2. if the entity is an organisation — the information is reasonably necessary for one or more of the entity's functions or activities; or
  2. subclause 3.4 applies in relation to the information.

3.4 This subclause applies in relation to sensitive information about an individual if:

  1. the collection of the information is required or authorised by or under an Australian law or a court/tribunal order; or
  2. a permitted general situation exists in relation to the collection of the information by the APP entity; or
  3. the APP entity is an organisation and a permitted health situation exists in relation to the collection of the information by the entity; or
  4. the APP entity is an enforcement body and the entity reasonably believes that:
    1. if the entity is the Immigration Department — the collection of the information is reasonably necessary for, or directly related to, one or more enforcement related activities conducted by, or on behalf of, the entity; or
    2. otherwise — the collection of the information is reasonably necessary for, or directly related to, one or more of the entity's functions or activities; or
  5. the APP entity is a non-profit organisation and both of the following apply:
    1. the information relates to the activities of the organisation;
    2. the information relates solely to the members of the organisation, or to individuals who have regular contact with the organisation in connection with its activities.

Note: For permitted general situation, see section 16A. For permitted health situation, see section 16B.

Means of collection

3.5 An APP entity must collect personal information only by lawful and fair means.

3.6 An APP entity must collect personal information about an individual only from the individual unless:

  1. if the entity is an agency:
    1. the individual consents to the collection of the information from someone other than the individual; or
    2. the entity is required or authorised by or under an Australian law, or a court/tribunal order, to collect the information from someone other than the individual; or
  2. it is unreasonable or impracticable to do so.

Solicited personal information

3.7 This principle applies to the collection of personal information that is solicited by an APP entity.

Australian Privacy Principle 4 — dealing with unsolicited personal information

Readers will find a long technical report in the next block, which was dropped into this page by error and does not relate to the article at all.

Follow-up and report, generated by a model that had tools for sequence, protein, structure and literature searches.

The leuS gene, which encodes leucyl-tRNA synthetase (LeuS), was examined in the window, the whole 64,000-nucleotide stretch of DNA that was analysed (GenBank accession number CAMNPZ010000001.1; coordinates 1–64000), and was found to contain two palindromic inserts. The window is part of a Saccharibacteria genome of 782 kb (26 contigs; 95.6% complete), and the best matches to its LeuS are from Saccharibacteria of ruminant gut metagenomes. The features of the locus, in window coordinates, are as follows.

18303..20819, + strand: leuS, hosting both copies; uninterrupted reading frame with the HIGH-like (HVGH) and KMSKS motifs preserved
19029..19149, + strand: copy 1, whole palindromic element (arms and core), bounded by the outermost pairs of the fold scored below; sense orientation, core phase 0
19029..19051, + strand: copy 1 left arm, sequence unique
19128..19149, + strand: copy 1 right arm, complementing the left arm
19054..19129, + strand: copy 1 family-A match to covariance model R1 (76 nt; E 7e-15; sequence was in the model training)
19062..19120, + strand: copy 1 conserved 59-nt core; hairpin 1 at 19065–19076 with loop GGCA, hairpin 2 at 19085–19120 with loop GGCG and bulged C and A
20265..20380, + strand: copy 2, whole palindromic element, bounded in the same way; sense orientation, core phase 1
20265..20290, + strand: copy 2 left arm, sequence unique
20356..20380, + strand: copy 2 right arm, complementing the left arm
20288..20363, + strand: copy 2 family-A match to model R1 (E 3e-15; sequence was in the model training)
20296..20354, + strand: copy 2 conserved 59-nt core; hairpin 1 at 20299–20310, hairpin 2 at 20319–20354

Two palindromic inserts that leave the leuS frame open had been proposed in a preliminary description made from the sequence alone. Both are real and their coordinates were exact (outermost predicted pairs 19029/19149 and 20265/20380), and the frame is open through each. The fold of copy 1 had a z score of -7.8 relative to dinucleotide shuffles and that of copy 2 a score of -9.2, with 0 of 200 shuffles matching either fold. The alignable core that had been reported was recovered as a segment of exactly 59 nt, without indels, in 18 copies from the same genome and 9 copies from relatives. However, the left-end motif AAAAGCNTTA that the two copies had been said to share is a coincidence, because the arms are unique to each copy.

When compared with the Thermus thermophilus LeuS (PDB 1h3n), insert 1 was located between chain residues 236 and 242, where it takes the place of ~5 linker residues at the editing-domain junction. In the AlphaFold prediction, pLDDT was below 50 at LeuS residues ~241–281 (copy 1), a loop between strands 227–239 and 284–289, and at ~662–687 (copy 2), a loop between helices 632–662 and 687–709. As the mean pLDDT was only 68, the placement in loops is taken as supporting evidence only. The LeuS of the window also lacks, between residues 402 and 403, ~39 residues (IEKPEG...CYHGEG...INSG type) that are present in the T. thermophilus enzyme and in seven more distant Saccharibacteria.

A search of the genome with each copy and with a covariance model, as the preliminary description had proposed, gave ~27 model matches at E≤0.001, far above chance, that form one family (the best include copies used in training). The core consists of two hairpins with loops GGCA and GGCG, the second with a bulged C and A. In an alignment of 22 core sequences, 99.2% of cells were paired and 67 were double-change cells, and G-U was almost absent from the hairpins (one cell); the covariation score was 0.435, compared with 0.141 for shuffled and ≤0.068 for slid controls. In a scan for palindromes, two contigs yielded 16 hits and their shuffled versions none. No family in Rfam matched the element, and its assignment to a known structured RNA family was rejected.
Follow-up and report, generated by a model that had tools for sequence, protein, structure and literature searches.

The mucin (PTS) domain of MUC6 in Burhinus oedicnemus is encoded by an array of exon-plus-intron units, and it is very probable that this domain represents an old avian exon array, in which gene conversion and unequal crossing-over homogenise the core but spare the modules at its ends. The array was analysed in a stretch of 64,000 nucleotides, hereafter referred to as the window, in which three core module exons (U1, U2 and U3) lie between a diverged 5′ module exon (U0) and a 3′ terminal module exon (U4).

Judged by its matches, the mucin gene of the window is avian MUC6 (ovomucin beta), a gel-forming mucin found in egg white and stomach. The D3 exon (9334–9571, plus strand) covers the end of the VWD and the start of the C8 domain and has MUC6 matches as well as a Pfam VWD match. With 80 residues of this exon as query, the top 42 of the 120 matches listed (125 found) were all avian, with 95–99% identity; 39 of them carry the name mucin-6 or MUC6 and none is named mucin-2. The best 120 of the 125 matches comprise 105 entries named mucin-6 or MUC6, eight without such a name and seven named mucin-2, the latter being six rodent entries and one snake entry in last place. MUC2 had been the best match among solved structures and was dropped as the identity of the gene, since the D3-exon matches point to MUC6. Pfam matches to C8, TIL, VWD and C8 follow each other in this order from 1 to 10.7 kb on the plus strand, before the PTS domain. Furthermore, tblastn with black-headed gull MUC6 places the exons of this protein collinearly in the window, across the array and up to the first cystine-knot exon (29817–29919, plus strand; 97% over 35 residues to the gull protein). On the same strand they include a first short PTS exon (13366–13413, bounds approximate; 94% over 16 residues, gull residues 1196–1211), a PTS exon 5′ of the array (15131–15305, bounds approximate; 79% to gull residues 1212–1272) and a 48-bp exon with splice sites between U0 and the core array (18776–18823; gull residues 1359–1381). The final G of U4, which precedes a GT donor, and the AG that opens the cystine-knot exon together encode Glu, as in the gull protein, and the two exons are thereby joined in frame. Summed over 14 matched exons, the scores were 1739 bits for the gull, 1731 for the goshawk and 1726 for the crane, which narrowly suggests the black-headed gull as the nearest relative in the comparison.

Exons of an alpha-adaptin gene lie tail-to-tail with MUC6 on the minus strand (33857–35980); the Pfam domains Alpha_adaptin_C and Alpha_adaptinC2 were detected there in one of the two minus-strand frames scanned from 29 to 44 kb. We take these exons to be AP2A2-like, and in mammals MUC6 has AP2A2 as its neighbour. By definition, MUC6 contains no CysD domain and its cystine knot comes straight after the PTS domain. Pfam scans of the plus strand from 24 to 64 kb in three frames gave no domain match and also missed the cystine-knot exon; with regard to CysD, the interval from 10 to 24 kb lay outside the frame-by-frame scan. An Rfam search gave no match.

4.1 If:

  1. an APP entity receives personal information; and
  2. the entity did not solicit the information;

the entity must, within a reasonable period after receiving the information, determine whether or not the entity could have collected the information under Australian Privacy Principle 3 if the entity had solicited the information.

4.2 The APP entity may use or disclose the personal information for the purposes of making the determination under subclause 4.1.

4.3 If:

  1. the APP entity determines that the entity could not have collected the personal information; and
  2. the information is not contained in a Commonwealth record;

the entity must, as soon as practicable but only if it is lawful and reasonable to do so, destroy the information or ensure that the information is de-identified.

4.4 If subclause 4.3 does not apply in relation to the personal information, Australian Privacy Principles 5 to 13 apply in relation to the information as if the entity had collected the information under Australian Privacy Principle 3.

Australian Privacy Principle 5 — notification of the collection of personal information

5.1 At or before the time or, if that is not practicable, as soon as practicable after, an APP entity collects personal information about an individual, the entity must take such steps (if any) as are reasonable in the circumstances:

  1. to notify the individual of such matters referred to in subclause 5.2 as are reasonable in the circumstances; or
  2. to otherwise ensure that the individual is aware of any such matters.

5.2 The matters for the purposes of subclause 5.1 are as follows:

  1. the identity and contact details of the APP entity;
  2. if:
    1. the APP entity collects the personal information from someone other than the individual; or
    2. the individual may not be aware that the APP entity has collected the personal information;
    the fact that the entity so collects, or has collected, the information and the circumstances of that collection;
  3. if the collection of the personal information is required or authorised by or under an Australian law or a court/tribunal order — the fact that the collection is so required or authorised (including the name of the Australian law, or details of the court/tribunal order, that requires or authorises the collection);